Mic proximity (not to be confused with the proximity effect).
This last of the three issues outlined above foxes many people because they assume that microphones hear in the same way we do; whereas, in reality, our brains do a phenomenal job of taking the massive array of sounds that our ears consume, filtering out what’s not needed (i.e. most of it), and then making sense of what’s left. Unfortunately for us, microphones don’t work this way, and even though some mics, described as cardioid or unidirectional, are designed to be far more sensitive to sounds coming from a particular direction, they still hear all sorts of unwanted environmental sound, including room reverberation (that ‘echoey’ stuff I mentioned earlier). So, if we’re recording an interview for something like a marketing video, and we want to get a good recording of a human voice, we need to get our mic in close to the person speaking; effectively making their voice louder than everything else. In other words, we need our mic and our talent to be in good proximity to each other.
It makes sense, therefore, that to address the problems caused by poor mic proximity, as a general rule, its best to use an external microphone, off-camera. This means that it can be placed in close to the talent, thereby doing a good job of picking up their voice; while, in comparison, picking up much less ambient sound.
Probably the two most common types of microphone used by grassroots videographers are shotgun mics and lavalier or lav mics, sometimes referred to as lapel or tie clip mics. For instance, a wedding videographer will typically shoot with a camera mounted shotgun mic, when capturing general footage of the day, while they will probably choose to place a wireless lav mic on the Groom, to pick up the intimate detail of the exchange of vows, during the ceremony itself.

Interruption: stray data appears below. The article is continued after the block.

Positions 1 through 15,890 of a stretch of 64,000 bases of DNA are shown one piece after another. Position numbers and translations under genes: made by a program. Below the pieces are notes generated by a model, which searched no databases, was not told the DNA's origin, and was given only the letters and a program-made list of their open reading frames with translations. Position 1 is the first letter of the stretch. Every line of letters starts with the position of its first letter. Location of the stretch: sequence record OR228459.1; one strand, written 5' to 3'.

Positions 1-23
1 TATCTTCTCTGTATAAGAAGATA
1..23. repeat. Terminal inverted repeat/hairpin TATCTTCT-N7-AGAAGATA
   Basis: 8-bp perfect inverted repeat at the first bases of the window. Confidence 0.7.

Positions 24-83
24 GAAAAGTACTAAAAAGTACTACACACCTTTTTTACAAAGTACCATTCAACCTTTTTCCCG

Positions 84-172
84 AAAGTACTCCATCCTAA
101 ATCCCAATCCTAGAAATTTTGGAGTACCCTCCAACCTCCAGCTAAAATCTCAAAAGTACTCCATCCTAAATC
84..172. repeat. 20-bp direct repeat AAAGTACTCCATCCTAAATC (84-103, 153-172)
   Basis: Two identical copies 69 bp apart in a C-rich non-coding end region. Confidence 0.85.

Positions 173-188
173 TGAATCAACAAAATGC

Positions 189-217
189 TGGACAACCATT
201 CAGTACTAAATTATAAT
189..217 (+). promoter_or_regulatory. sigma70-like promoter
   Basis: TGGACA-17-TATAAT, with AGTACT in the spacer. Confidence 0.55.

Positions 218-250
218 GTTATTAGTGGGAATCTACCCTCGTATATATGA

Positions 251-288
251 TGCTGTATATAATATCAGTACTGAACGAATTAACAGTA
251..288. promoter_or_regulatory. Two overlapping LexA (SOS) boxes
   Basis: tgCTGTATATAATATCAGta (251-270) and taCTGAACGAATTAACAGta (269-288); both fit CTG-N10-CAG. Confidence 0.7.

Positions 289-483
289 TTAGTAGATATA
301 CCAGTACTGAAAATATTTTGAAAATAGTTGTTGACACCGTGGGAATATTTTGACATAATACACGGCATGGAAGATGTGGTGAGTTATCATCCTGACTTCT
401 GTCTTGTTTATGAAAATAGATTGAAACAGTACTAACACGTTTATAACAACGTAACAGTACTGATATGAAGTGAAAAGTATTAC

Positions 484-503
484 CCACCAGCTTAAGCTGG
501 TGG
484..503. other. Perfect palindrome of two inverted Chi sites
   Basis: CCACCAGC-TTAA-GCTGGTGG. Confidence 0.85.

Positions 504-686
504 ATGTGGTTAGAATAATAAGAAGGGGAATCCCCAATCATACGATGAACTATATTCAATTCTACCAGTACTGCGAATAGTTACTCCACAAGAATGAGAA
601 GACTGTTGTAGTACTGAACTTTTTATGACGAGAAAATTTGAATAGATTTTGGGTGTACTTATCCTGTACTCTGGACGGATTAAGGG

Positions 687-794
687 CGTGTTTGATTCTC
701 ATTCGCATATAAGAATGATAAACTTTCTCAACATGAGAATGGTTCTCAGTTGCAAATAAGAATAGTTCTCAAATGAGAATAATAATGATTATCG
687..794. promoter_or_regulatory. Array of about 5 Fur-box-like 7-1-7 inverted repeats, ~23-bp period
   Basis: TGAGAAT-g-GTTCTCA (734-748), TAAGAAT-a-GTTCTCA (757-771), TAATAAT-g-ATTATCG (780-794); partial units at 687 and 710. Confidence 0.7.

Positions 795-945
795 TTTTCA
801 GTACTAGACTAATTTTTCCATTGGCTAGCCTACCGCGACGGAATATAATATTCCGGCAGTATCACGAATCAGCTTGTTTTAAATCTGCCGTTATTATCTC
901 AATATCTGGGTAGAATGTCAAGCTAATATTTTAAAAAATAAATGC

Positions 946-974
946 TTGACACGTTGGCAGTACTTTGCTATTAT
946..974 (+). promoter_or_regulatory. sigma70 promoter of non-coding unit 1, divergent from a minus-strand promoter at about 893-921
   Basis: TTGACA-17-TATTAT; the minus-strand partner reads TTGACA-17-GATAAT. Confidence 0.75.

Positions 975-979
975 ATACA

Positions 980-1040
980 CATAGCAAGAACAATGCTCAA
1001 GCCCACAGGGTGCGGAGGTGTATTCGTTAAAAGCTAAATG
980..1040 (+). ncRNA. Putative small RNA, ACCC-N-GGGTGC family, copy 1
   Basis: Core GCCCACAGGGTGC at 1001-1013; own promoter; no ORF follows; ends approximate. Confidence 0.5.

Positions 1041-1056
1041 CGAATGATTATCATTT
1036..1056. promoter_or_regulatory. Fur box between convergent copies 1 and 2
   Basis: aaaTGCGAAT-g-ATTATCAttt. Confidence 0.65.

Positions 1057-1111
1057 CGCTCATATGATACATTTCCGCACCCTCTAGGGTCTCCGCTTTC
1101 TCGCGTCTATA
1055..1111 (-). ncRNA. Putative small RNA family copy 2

Top-level shotgun mics can easily run to £1000+, but there are any number of perfectly respectable shotgun mics on the market in the sub £250 price band: The Rode Video Mic Pro Plus, Audio Technica AT897, or Sennheiser MKE600, for example. While several manufacturers are also now producing miniature shotgun mics, aimed specifically at mobile device shooters, such as the Rode Video Mic Me or the Saramonic SmartMic+ for less than £75.
Lavalier or lav mics, such as the Sennheiser ME2, Rode Lavalier Go, or Sony ECM-V1BMP can be used either wired or wirelessly, and are ideal for isolating and capturing individual voices. Lav mics are particularly useful in noisier environments because they can be deployed very close to the sound source without being too visible. Lav mics can even be hidden completely underneath clothing, though this can affect their sound adversely. While a perfectly good lav mic can be purchased for around £100, adding a reliable wireless system to this will add considerable cost. Significant savings can be made by purchasing a kit, which includes both lav mic and wireless system, although the initial outlay will be higher. Once again, several manufacturers are now producing lav mics aimed specifically at the mobile shooter market, including the Rode Smartlav+ or the Saramonic Sr–lmx1.
You may be thinking that potentially spending several hundreds of pounds on microphones is extravagant. However, having quite possibly spent many times this amount on a camera, if the sound in our movies is just as important as the visuals, then surely, it’s not unreasonable that we give a realistic budget to the equipment we use to capture it.
While wireless lav mics are commonplace, shotgun mics can be used with an XLR transmitter, though this usually requires a battery powered mic. Handheld shotgun mics with wireless transmitters are often used for outdoor interviews for news gathering, as they’re easy to share between interviewer and interviewee/s, requiring much less time to deploy than lav mics.